Just watching "Austin Powers" right before I saw its sequel, I noticed another downfall. While the first one was not hilarious, it was light, charming, and occasionally funny. In "The Spy Who Shagged Me," there might be some bigger laughs (the sure-to-be-classic "tent scene" comes to mind), but there are also just as many jokes that fall astoundingly flat, and others that are merely recycled. The film has opted for the "everything-but-the-kitchen-sink" approach, and in doing so, has forgotten about all of the returning characters who, in essence, are nothing more than extended cameos. Seth Green, as Dr. Evil's misunderstood son, Scott, comes close to breaking out into his own person (especially when he appears on a Jerry Springer episode, entitled "My Father is Evil and Wants to Take Over the World"), but there is no payoff. Robert Wagner, as another of Dr. Evil's henchmen, Number 2, has all of one scene, until Dr. Evil goes back in time and the role is taken over by the younger Rob Lowe (who does a killer impression of Wagner). Mindy Sterling has a few nice moments as assistant Frau Farbissina who, midway through, has a steamy affair with Dr. Evil, and later shares an uncomfortable moment with him by the coffee machine.

The new characters are a memorable, if underused, bunch. Taking over the romantic interest role from Hurley, Heather Graham is energetic and has proven to be a fine actress (see 1997's "Boogie Nights" or 1989's "Drugstore Cowboy" for proof), but here doesn't get to stretch her acting muscles, and her relationship with Austin feels a little more forced than that of Vanessa and he. The bright spot in the film is Mini Me (Verne J. Troyer), a clone of Dr. Evil, only 1/8 his size. Troyer is often hysterical and even cute, and his relationship with Dr. Evil is actually a sweet one. Going for a "Nutty Professor"/Eddie Murphy type of deal, Myers has given himself a third role, as Fat Bastard, a repugnant Scot who weighs a "metric ton" and, at one point, has a disgusting roll in the hay with one of the female characters. In the wasted department are the two femme fatales, Ivana Humpalot (Kristen Johnston) and Robin "maiden-name's-Spits" Swallows (Gia Carides), who show up, do their thang, and quickly disappear.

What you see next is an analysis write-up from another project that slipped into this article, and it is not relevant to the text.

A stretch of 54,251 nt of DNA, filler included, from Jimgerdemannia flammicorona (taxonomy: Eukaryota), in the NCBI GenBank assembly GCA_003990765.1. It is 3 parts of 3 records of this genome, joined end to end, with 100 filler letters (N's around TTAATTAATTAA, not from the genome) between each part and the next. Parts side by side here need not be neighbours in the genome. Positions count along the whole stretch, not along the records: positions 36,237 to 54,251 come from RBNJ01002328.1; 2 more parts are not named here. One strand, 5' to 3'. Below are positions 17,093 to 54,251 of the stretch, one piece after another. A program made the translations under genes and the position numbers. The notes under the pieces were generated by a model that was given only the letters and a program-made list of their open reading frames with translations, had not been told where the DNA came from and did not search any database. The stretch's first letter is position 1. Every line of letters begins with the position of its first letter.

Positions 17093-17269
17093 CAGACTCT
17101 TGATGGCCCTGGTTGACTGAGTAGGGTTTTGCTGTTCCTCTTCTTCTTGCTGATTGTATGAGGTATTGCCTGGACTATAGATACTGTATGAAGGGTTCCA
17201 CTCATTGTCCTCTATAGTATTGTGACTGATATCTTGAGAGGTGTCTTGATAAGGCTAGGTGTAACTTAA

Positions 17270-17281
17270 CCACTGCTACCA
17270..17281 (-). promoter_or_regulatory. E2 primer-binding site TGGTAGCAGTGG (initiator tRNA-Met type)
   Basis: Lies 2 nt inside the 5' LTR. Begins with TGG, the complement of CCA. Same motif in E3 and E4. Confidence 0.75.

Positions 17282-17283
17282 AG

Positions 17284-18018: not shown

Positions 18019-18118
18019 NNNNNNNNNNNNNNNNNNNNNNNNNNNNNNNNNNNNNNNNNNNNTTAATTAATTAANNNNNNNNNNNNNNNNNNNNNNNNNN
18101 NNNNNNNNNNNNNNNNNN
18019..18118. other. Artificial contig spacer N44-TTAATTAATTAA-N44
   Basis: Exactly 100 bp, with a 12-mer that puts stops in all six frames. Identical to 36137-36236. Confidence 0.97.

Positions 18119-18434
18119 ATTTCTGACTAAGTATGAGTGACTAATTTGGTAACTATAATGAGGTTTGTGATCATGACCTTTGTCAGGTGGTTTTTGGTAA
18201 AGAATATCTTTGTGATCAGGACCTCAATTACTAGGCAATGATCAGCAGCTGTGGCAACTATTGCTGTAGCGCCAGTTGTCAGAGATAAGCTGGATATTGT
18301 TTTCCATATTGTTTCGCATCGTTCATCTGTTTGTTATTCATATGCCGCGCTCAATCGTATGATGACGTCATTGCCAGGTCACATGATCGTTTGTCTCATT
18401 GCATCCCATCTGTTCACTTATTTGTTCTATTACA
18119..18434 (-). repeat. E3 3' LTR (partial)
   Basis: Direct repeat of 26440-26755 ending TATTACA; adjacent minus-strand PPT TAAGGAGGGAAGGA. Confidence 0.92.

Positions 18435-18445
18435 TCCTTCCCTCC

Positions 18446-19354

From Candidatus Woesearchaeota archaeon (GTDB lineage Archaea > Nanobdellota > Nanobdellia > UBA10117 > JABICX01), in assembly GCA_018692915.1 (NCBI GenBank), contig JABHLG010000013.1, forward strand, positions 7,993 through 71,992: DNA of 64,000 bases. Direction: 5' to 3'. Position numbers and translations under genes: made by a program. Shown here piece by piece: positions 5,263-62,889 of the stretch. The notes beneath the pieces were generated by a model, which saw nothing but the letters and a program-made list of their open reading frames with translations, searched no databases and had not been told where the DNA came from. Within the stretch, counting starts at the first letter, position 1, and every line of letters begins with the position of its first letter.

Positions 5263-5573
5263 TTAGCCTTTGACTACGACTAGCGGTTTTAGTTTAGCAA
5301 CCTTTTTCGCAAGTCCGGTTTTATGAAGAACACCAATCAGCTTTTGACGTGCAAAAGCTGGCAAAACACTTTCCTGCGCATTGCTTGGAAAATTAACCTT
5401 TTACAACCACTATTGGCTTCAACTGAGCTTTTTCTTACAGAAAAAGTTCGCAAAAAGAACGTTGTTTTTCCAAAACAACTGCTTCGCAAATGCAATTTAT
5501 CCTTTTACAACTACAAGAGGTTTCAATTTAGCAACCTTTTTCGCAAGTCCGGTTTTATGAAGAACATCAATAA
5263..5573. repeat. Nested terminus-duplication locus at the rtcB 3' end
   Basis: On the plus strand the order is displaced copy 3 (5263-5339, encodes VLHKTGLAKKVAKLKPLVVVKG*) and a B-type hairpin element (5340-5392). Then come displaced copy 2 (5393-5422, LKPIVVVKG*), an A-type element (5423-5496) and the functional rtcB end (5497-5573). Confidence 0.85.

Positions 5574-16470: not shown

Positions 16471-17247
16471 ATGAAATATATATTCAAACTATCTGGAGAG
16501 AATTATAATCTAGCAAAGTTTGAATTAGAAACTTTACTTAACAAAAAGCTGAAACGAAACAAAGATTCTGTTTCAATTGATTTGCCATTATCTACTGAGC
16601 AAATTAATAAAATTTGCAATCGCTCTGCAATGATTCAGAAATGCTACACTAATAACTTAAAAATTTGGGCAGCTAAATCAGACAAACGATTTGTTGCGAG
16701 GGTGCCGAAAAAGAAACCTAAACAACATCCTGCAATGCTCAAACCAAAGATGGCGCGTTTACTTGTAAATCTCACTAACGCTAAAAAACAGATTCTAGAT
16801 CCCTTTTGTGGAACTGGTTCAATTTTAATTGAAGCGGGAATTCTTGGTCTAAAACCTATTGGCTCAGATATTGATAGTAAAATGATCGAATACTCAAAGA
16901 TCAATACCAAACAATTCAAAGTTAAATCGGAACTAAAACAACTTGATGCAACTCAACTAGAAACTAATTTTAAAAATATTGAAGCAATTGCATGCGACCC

Of course, in the forefront of the whole operation is Mike Myers, who is comic dynamite and doesn't disappoint. Much of the joy that comes from watching Myers (whether it be as Austin or Wayne) is actually watching him. He clearly has a great love for performing, and especially for his Powers character, and his talent only shines through more when considering all of the different roles he plays here. You know going in that Dr. Evil is also played by Myers, but while watching him, it's easy to forget such a thing because of how utterly convincing he is.

With "Austin Powers: The Spy Who Shagged Me," what you see is what you get. There is certainly no deep meanings behind anything that occurs within the 95-minute running time, and it has a fast pace so your mind won't wander too much. The fact that a third "Austin Powers" movie will probably be coming out at this time in 2001 is a given, but after seeing his second adventure, you have to wonder how many times the same jokes can be played out before they start to overstay their welcome. Having Austin say "yeah, baby, yeah!" was amusing the first time around, but it isn't here. And judging from this not-bad, but lackluster first sequel, Myers should start brainstorming his ideas now for the next installment. A little bit of variety and originality may very well come in handy in the future.

Copyright 2000 Dustin Putman